Additionally, the accumulated data could be analyzed to determine minimum force trajectories for inserting cochlear electrode arrays. These minimum force trajectories may be generated using a software learning algorithm. In some circumstances, the minimum force trajectory may comprise a number of three-dimensional waypoints. In other embodiments, the minimum force trajectory may include describe a multidimensional trajectory of the cochlear lead that is expected to require minimum insertion force, and, more specifically, a complete three-dimensional position of the electrode coupled to applied forces. Selecting a minimum force trajectory is one of the operating parameters that could be selected prior to beginning the operation. While the minimum force trajectory may form the fundamental basis for the motion and forces applied to the electrode array, the feedback received by the automated insertion tool may be analyzed in real time by the controller. This analysis may result in the modification or interruption of the minimum force trajectory based on the specific feedback that is received.

A second force curve (850) is shown as a dotted line and represents the average force profile of past surgeries under similar circumstances. For example, the average force profile may include surgeries of patients with a similar diagnosis who were implanted with a cochlear implant with the same design. This second force curve (850) provides guidance to the automated insertion tool and surgeon about the expected forces.

A third force curve (860) represents the actual force versus insertion depth profile for the current surgery. As illustrated by the third force curve (860), actual surgery profiles may have unique characteristics, but would be expected to generally follow the second force curve (850). When the third force curve (860) makes an unexpected deviation from the average force profile of past surgeries, as shown by the circled area (870), the automated insertion tool may take proactive steps to prevent the applied force from approaching the maximum allowable force profile (810). For example, the automated insertion tool may determine from the data represented by the actual force curve (860) that there is a substantial likelihood that, if the insertion is continued, the maximum applied force profile will be reached. The automated insertion tool can then make adjustments to reduce the amount of applied force required to continue the insertion. For example, the automated insertion tool may adjust the insertion angle or rotate the electrode. The actual force profile (860) shows that the adjustment was successful and the insertion force was significantly reduced following the adjustment.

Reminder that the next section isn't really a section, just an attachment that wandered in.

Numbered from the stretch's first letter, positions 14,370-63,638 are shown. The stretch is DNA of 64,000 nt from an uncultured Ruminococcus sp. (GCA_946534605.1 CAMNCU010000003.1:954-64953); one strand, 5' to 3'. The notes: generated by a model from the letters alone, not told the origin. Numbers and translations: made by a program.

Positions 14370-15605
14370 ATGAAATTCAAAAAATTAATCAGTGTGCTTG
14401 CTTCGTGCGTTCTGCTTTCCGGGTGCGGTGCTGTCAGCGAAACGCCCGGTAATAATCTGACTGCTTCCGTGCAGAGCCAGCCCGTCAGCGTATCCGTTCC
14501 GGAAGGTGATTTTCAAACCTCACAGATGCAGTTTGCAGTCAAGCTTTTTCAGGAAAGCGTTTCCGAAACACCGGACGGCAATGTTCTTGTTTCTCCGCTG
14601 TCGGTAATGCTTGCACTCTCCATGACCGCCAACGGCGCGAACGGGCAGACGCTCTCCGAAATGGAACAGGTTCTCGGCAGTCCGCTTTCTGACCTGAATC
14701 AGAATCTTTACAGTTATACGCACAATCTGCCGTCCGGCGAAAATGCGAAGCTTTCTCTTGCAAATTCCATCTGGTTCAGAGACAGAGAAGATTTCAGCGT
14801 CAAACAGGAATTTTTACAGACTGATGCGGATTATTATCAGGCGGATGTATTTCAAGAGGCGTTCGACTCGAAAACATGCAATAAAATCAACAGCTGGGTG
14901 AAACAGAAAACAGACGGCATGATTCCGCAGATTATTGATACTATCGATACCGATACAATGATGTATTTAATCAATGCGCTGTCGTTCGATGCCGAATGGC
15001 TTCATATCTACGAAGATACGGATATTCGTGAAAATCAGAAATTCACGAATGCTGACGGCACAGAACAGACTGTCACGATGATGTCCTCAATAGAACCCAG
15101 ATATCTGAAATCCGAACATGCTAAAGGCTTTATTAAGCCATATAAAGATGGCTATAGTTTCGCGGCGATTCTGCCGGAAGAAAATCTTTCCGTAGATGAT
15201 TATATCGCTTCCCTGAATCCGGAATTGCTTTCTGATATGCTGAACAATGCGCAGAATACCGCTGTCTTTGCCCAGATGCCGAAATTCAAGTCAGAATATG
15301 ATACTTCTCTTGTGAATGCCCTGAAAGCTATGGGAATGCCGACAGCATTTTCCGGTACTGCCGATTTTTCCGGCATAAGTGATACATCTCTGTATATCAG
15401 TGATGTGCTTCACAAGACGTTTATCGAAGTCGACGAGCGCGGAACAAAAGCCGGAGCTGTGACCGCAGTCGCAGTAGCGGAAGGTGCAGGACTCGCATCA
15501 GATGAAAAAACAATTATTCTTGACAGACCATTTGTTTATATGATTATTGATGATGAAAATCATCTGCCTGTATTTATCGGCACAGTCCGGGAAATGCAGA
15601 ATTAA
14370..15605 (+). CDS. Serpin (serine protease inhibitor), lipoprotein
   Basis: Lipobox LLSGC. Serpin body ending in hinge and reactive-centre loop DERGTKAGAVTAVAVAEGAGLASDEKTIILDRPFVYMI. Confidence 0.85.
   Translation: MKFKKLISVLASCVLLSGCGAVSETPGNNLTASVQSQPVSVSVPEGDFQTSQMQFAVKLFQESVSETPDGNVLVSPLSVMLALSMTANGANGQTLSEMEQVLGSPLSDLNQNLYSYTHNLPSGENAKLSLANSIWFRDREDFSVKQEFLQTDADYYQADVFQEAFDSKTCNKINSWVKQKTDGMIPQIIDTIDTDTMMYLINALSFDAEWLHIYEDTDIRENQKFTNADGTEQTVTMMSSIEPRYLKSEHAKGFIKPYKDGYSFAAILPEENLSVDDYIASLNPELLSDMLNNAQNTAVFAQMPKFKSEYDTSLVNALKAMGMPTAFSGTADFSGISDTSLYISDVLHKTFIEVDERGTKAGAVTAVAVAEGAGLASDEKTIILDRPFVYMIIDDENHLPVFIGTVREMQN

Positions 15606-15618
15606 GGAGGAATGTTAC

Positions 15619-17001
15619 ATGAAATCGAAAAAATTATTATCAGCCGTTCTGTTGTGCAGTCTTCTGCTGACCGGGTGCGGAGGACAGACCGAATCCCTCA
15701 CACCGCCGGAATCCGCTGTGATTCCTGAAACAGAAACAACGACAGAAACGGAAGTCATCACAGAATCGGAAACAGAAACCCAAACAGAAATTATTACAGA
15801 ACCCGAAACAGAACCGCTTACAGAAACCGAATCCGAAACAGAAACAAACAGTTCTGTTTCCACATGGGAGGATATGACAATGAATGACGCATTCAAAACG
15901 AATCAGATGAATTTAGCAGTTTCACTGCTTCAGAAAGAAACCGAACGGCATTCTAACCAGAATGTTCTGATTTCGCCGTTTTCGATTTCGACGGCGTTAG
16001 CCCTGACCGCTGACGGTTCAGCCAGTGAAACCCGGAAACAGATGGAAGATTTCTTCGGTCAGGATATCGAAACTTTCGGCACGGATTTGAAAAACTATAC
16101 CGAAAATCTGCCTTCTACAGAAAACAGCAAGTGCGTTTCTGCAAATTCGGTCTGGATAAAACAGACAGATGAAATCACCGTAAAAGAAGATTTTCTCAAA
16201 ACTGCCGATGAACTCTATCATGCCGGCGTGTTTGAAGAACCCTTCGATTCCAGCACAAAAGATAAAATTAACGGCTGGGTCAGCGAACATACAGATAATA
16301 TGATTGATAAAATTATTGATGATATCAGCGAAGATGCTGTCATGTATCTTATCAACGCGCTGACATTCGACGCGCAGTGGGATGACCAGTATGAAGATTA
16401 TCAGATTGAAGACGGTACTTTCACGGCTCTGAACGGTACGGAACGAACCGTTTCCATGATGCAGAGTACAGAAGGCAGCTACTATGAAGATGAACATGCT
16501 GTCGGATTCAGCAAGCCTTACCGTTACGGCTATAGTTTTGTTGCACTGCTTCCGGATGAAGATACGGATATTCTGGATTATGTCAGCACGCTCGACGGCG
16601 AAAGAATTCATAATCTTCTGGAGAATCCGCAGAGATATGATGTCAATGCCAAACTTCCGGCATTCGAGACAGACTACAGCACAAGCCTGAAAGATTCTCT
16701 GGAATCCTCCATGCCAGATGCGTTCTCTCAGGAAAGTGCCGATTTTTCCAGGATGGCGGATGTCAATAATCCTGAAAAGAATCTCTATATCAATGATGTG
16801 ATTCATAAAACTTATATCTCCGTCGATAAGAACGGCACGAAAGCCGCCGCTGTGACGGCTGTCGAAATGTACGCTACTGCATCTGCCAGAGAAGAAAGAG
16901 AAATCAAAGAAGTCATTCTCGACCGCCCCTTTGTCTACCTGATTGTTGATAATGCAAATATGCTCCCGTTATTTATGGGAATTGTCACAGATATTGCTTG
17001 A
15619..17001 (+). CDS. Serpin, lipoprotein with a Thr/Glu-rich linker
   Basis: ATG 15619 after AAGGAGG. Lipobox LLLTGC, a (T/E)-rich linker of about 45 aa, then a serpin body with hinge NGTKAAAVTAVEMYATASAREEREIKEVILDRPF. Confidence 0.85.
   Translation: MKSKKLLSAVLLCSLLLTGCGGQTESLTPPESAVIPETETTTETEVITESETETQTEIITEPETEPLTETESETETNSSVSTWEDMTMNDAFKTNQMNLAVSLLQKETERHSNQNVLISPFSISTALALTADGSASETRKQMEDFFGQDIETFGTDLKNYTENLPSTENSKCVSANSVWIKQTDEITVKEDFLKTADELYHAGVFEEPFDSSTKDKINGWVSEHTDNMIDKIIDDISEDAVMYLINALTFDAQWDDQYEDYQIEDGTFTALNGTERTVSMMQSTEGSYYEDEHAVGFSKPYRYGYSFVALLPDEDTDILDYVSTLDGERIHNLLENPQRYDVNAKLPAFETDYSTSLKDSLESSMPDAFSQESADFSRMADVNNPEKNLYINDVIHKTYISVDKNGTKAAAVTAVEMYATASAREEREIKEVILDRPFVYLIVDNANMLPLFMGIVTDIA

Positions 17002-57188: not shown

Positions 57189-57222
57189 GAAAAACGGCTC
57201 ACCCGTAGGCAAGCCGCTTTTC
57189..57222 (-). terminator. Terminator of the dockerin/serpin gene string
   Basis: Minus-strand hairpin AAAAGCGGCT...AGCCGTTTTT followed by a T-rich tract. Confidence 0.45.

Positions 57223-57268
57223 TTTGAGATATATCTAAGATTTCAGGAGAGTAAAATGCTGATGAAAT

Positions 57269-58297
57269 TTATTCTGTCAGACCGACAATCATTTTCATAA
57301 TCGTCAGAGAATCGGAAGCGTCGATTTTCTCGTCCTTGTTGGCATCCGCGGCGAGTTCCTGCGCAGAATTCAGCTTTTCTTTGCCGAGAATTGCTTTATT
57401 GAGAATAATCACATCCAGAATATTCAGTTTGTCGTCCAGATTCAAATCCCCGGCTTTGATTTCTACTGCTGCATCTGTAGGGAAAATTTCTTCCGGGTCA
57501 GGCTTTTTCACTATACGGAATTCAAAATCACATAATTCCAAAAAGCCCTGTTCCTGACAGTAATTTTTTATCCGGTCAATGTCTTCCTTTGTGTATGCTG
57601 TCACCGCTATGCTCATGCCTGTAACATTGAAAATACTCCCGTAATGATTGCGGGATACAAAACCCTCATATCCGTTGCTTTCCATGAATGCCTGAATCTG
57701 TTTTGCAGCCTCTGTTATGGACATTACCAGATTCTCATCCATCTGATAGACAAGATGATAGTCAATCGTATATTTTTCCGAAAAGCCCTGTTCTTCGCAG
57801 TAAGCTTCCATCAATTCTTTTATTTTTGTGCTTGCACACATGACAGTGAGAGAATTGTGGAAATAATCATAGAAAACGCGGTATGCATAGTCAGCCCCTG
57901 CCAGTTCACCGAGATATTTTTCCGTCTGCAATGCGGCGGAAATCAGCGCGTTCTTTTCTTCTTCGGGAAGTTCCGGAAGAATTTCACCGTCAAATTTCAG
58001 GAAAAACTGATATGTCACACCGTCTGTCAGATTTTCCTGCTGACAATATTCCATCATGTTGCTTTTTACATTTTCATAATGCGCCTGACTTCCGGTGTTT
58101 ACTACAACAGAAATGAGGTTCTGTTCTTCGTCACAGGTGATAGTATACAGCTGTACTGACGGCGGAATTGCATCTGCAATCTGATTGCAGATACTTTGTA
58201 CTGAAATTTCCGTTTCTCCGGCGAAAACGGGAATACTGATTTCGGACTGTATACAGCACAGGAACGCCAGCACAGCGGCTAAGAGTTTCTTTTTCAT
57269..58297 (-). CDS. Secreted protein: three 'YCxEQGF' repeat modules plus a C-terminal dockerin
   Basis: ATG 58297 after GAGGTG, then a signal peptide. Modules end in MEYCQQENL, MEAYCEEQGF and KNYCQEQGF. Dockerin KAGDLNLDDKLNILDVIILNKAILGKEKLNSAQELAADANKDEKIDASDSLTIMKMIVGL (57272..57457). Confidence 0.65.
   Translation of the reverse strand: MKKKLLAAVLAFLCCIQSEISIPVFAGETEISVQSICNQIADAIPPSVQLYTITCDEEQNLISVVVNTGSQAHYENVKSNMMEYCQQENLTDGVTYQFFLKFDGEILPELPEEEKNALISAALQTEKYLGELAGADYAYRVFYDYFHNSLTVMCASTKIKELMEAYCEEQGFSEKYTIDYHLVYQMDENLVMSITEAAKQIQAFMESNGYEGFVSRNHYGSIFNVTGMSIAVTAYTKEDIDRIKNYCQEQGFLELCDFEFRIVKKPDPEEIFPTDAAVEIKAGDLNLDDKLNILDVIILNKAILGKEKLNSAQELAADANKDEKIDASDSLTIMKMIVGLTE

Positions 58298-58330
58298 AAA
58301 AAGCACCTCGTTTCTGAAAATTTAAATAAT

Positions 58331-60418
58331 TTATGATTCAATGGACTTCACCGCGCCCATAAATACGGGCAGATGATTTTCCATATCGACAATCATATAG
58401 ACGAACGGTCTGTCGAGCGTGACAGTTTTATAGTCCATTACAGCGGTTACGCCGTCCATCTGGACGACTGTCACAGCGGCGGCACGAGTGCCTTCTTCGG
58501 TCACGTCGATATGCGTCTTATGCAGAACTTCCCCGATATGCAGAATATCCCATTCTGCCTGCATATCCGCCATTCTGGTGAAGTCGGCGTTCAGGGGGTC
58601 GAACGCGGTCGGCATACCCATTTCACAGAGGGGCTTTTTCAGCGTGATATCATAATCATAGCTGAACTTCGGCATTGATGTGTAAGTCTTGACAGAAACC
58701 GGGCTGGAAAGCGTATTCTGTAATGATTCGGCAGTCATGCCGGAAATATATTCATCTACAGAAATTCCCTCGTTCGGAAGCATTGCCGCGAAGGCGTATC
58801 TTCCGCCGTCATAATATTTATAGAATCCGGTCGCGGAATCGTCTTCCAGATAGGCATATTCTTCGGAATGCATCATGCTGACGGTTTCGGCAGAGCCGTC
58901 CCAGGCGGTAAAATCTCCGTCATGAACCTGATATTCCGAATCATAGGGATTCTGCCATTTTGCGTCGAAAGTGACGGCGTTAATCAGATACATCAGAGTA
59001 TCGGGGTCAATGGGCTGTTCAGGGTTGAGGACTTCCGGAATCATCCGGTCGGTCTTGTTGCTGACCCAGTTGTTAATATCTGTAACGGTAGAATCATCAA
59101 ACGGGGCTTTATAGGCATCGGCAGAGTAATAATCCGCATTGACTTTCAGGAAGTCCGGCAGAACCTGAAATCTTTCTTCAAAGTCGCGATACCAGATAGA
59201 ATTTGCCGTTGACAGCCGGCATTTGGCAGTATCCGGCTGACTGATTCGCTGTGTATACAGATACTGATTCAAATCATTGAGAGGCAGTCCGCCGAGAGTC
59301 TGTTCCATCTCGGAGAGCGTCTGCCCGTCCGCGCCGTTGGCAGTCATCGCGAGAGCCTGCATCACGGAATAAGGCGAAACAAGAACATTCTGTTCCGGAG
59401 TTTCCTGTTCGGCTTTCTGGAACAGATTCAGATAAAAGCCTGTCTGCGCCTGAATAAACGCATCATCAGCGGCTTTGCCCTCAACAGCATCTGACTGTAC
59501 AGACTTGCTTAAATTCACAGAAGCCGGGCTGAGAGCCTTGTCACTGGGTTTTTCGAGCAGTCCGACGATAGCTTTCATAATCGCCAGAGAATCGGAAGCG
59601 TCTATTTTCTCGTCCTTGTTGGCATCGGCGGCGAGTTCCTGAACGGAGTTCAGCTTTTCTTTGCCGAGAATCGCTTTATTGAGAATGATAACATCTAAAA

The lower window (807) may also be useful in communicating the correct placement of the electrode within the cochlea. For example, as the automated electrode insertion tool approaches waypoint C, the insertion rate may be reduced to optimally place the electrode. If the electrode is over inserted, the automated electrode insertion tool could withdraw the electrode from within the cochlea to a required depth.

FIG. 8 is only illustrative of an exemplary embodiment of a screenshot of a display (800) which provides information about an ongoing or past electrode insertion procedure. Actual profiles and limits may vary according to the design of the cochlear implant, electrode insertion system, methods of measurement, and individual characteristics of the patient. For example, the force profiles could be split into various vectors that better describe the forces applied to the tissues within the cochlea. Further, the information presented in FIG. 8 show forces as measured in only one direction (e.g. forces applied axially on the tip of the lead or at some point along the lead). However, the insertion tool of the present embodiment may be configured to measure forces in any number of directions.

FIG. 9 represents one illustrative method for automated insertion of cochlear electrodes. According to one embodiment, the patient is first positioned and stabilized (step 900). The automated insertion tool is then prepared and appropriately positioned to begin the operation (step 910). The controller then retrieves or generates the operating parameters (step 920). By way of example and not limitation, these operating parameters may include: information about the cochlear lead (such as type, insertion depth, etc); information about the patient (such as diagnosis, age, sex); imaging or geometric data of the cochlea (from diagnostic imaging, historical library, etc.); information about the automated insertion tool (such as serial number, communication protocols); status of remote connections (such as connections to a remote surgeon, haptic device, or other control device); etc. Additionally, an average force profile and maximum force profiles may be retrieved or calculated.

The method may include additional steps that are not explicitly shown in FIG. 9. For example, there may be a number of diagnostic tests to determine if the system is operational and if a remote surgeon has the desired connection speed and control. Further, there may be a step that requires the authorization of the surgeon or other responsible person to proceed with the operation.